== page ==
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What You Need to Know About Credit Privacy Numbers

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In a Nutshell

This article will discuss credit privacy numbers, or CPNs, one of the latest popular tools used by scammers to rip off American consumers. The Federal Trade Commission has identified the sale of alternative credit identities as a scam. In this article, we’ll discuss what you need to know about credit privacy numbers and the reasons you should avoid using them.

Written by the Upsolve Team
Updated August 16, 2021

This article will discuss credit privacy numbers (CPN), one of the latest popular tools used by scammers to rip off American consumers. The Federal Trade Commission has identified the sale of alternative credit identities as a scam. Many companies are selling these identification numbers under the false promise that a CPN can be used in place of your Social Security number (SSN) on a credit application. They advertise that a CPN can conceal a bad credit history and even bankruptcy. In this article, we’ll discuss what you need to know about credit privacy numbers and the reasons you should avoid using them. 

Credit Privacy Number, Credit Profile Number, Credit Protection Number

Obtaining new credit or a loan can be a difficult process if you have a low credit score. You may need a necessary item like a car that you can use for traveling to and from work. But many people can only pay for a car with credit or a loan. When you apply for a car loan, your prospective lender will research key details about your creditworthiness. These details are contained in your credit report. 

Lenders pull your credit history and credit score with a personal identification number. While this is typically your Social Security number (SSN), the lender can use another method to identify you. Why? There is a gray area in the U.S. Privacy Act that says consumers do not have to provide their SSN when it’s not required by federal law. And federal law does not require an SSN to be revealed when an applicant is apply for credit. 

Many companies have used this gray area in the law to promise that consumers can use a number other than their Social Security number to apply for credit. This number may be referred to as a credit privacy number, credit profile number, credit protection number, or CPN number. Regardless of what it’s called, CPNs are nine-digit numbers formatted like a Social Security number that are created to be used in place of an SSN.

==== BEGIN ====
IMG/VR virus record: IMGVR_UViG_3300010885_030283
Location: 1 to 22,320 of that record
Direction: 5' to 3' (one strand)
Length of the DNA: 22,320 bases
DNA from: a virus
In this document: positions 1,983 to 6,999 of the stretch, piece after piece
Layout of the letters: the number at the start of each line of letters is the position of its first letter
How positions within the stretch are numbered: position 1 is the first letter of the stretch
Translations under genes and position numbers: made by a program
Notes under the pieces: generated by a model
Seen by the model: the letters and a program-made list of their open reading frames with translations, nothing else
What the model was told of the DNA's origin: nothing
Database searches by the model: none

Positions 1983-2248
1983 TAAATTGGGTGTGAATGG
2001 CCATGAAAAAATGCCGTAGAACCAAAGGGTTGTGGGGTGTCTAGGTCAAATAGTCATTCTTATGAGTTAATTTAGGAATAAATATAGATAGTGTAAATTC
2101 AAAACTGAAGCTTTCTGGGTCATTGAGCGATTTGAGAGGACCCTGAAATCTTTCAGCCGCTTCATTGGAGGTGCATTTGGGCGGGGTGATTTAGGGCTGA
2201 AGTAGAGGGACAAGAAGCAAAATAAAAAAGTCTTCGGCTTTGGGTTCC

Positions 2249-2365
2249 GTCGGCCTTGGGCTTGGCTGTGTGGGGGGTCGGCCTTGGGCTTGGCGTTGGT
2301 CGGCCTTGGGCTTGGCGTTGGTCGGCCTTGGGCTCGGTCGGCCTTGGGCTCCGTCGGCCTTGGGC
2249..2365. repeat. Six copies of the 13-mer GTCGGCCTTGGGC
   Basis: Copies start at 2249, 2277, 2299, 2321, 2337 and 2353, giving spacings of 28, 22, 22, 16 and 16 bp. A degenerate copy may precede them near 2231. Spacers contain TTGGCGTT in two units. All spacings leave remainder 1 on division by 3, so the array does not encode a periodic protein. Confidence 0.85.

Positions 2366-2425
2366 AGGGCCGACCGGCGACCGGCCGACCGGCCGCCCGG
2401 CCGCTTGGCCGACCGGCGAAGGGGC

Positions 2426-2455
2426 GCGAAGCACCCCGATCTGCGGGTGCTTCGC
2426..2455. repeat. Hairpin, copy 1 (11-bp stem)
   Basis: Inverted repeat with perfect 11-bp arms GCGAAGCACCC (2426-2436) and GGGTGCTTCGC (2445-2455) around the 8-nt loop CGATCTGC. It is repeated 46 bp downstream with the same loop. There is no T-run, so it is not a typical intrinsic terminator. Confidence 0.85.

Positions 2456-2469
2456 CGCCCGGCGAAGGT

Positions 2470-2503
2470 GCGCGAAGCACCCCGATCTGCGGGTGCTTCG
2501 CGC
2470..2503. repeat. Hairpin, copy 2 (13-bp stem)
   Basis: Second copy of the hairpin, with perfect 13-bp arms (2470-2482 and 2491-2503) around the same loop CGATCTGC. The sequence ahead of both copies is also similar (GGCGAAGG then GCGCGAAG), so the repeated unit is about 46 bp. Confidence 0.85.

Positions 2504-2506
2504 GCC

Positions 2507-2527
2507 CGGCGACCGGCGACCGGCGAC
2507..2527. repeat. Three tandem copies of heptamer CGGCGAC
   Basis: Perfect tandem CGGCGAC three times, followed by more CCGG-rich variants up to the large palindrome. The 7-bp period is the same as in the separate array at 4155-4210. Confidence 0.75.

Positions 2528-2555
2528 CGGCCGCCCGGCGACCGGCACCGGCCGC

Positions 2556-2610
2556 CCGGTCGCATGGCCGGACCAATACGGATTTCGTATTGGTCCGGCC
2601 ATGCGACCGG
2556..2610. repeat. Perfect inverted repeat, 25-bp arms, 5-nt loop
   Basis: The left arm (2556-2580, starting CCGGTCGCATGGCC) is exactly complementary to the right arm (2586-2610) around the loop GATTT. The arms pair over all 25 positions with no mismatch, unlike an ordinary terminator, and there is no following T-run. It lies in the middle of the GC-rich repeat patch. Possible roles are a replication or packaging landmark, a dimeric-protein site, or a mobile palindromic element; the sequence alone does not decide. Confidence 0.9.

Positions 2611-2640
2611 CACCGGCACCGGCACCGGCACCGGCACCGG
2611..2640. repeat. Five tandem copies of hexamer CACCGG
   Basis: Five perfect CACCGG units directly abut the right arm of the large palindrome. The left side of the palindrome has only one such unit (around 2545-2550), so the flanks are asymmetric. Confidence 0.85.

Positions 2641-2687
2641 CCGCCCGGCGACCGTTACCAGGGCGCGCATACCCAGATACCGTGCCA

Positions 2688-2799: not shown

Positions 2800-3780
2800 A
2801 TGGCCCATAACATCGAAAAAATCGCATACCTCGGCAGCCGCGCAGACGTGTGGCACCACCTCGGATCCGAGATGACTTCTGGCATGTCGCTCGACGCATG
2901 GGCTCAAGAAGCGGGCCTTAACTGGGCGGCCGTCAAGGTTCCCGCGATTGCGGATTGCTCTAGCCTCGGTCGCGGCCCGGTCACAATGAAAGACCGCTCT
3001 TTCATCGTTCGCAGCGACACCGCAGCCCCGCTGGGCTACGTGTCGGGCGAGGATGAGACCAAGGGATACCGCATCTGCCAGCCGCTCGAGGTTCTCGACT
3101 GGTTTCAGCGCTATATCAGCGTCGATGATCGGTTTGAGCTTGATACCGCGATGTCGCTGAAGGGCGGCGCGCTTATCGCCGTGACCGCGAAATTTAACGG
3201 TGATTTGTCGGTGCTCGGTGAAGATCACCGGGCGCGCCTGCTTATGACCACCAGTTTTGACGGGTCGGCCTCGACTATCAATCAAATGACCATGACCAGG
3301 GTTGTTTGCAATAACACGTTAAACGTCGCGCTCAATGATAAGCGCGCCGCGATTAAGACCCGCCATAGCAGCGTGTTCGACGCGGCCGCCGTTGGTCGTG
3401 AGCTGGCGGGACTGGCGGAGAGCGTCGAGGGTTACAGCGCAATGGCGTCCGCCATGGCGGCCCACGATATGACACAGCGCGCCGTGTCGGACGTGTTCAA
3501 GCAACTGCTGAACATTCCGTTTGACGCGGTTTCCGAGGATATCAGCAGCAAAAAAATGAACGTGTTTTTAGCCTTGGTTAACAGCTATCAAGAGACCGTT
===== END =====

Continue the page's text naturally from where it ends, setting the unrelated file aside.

Companies market CPNs to consumers who have bad credit with the promise that they can conceal their unfavorable credit profiles. Unlike a check of your SSN, a credit check of a credit privacy number won’t reveal your true credit history when you apply for new credit such as an auto loan or credit card. 

Is the CPN a Real Identification Number?

There are different types of personal identification numbers (PINs). 

  • A Social Security number is a nine-digit number that the federal government, through the Social Security Administration (SSA), issues to most citizens born in the United States. Social Security numbers are also issued to eligible U.S. residents who file applications with the SSA. These numbers help the SSA identify and accurately record your covered wages or self-employment earnings throughout your lifetime. 

  • An Individual Taxpayer Identification Number (ITIN) is a number issued by the Internal Revenue Service (IRS) to process taxes. Individuals required to have a U.S. taxpayer identification number but who are ineligible for Social Security numbers or Employer Identification Numbers (EIN) may be issued an ITIN. ITINs generate billions of dollars in tax revenue since they ensure that people pay taxes even if they do not have a Social Security number and regardless of their immigration status.

  • An Employer Identification Number (EIN), also known as a Federal Tax Identification Number (TIN), is used to identify a business entity. Most businesses are required by law to have an EIN.

The biggest risk when buying a CPN is that it might be a real SSN stolen from a deceased individual, a senior citizen, a prison inmate, or even a young child. Using a stolen SSN as your identification number is identity theft. Companies that market credit privacy numbers, as well as a new credit score, are often in the business of selling stolen Social Security numbers.

The law permits only the original holders of any number to use it. This includes a Social Security number marketed as a credit privacy number. While federal and state laws restrict the use of SSNs, as mentioned above, gaps and technicalities in the U.S. Privacy Act and other laws remain. But even if you buy a CPN that does not belong to any person, it’s illegal to use this number to create a new credit profile.

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Watch Out for Scam Tactics

Poor credit can create all kinds of personal finance problems. It may be difficult to get even a low-limit credit card. This could make anyone desperate to repair their credit. Scammers that sell CPN numbers target this desperation in consumers. They hope for and thrive on people with low FICO scores and poor credit histories. Scams advertising credit repair are common. These companies target consumers in financial distress, lure them with false promises, and charge them thousands of dollars.